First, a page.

Walking and the pedestrian environment
November 25, 2006
On Seattle Rises (Seattle)

Reflections on living atop hills and inventing street rises.

This article is an appendix to the special feature Akasaka on the Rise. In that series, I profiled the named, often historic hillsides of Tokyo's Akasaka neighborhood.

In Tamori's foreword, he references European philosophers in his attempts to relate his thoughts on hills and plateaus.

It's ironic to me, because I find myself struggling to find a term in English to match the very foundation of his book, "saka-michi" (坂道). Either half is easy. Saka is slope or hillside. Michi is street or road. However, if you put them together in Tokyo Japanese, you have a concept that doesn't exist in my lexicon. What's worse, I'm schooled by an interest in urban design and urban planning and it still doesn't help.

I'll approach it from the negatives.

Hill is too big. It's unclear if you're referring to the whole hill or just one side of it.

Slope is the common translation for saka, and used by default for saka-michi. In my mind, and that of architects and urban designers, slope refers to a tilted two-dimensional surface, unlike a one-dimensional road.

House Entrance Steps in SeattleA hillside suffers the same problems of image: it's the entire side of a hill, even worse than a slope. It's a curved surface, narrow on top and broad at the bottom. In a pinch I might go with this one, because "hillside steps" has a very clear image and is used occasionally in planning. "Hillside road" just doesn't sound right, though, and would likely be mistaken for a road cutting laterally along the hill.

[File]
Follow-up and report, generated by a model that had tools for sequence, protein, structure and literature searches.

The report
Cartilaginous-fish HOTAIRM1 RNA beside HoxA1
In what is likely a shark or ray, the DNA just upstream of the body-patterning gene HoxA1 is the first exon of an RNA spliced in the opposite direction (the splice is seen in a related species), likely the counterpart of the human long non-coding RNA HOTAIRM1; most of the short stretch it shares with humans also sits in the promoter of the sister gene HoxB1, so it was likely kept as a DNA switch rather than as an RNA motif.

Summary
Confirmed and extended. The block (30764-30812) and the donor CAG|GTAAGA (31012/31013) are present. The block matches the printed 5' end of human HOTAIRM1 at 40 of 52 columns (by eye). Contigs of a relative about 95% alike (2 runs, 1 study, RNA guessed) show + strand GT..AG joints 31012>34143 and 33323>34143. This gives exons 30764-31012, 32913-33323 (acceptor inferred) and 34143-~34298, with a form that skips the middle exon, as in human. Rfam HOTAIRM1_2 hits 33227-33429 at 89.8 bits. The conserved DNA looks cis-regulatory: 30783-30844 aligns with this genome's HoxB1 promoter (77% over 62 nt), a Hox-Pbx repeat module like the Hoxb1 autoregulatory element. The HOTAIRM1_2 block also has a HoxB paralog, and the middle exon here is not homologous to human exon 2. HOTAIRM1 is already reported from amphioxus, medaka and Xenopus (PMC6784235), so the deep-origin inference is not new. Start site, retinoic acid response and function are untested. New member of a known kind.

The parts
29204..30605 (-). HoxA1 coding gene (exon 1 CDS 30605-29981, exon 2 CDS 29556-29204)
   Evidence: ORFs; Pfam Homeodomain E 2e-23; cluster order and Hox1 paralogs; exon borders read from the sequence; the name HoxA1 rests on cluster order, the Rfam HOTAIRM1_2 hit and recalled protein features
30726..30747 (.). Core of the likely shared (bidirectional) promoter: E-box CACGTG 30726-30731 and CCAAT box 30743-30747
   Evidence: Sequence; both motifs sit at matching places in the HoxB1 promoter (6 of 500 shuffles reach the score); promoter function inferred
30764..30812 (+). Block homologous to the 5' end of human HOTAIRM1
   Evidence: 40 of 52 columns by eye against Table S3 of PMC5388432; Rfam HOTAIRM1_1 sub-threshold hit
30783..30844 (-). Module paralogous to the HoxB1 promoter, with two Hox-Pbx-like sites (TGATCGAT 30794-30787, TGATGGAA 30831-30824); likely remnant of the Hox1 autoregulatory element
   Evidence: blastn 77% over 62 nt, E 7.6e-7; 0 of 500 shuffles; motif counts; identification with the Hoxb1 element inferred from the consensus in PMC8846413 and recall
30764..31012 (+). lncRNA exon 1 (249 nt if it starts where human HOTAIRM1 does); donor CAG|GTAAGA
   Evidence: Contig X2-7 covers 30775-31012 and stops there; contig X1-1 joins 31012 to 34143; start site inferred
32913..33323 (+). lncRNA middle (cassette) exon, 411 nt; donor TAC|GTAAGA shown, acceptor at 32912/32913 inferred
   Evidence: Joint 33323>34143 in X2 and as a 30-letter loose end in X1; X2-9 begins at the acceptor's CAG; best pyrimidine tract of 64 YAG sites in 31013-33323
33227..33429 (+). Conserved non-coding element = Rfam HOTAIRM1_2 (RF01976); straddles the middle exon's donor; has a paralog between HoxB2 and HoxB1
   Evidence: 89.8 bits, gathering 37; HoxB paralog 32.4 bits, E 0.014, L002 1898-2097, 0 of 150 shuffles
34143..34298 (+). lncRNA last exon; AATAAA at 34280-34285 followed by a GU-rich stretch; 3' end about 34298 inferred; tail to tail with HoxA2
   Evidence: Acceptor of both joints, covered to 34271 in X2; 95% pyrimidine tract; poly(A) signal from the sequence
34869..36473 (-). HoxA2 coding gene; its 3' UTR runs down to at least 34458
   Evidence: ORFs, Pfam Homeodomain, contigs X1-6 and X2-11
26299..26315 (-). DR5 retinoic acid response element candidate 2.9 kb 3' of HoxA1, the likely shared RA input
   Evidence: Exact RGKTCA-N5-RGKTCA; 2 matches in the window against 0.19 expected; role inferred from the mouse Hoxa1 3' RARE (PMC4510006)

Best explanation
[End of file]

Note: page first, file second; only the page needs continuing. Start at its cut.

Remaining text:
Grade was usedin a book I just read, but without the context of something like "the steep grade leading up to", it can be easily misunderstood. I could use grade if I was forced to.

My amateur knowledge almost got me in trouble with "hill climb". It's used to describe a long series of steps leading from Seattle's waterfront up to the Pike Place Market. The problem is, this is the only occurrence of this usage that I can find in the English language. Everything else is about car races up steep mountains - especially Pike's Peak, which might actually be the inspiration for Seattle's climb name.

So I decided on "rise", or "street rise". It doesn't seem like such an odd concept to me, but a cursory web search returns no results with "street rise" as a noun. It was necessary to invent something, I guess, because of the uniqueness of what's captured in the term saka-michi.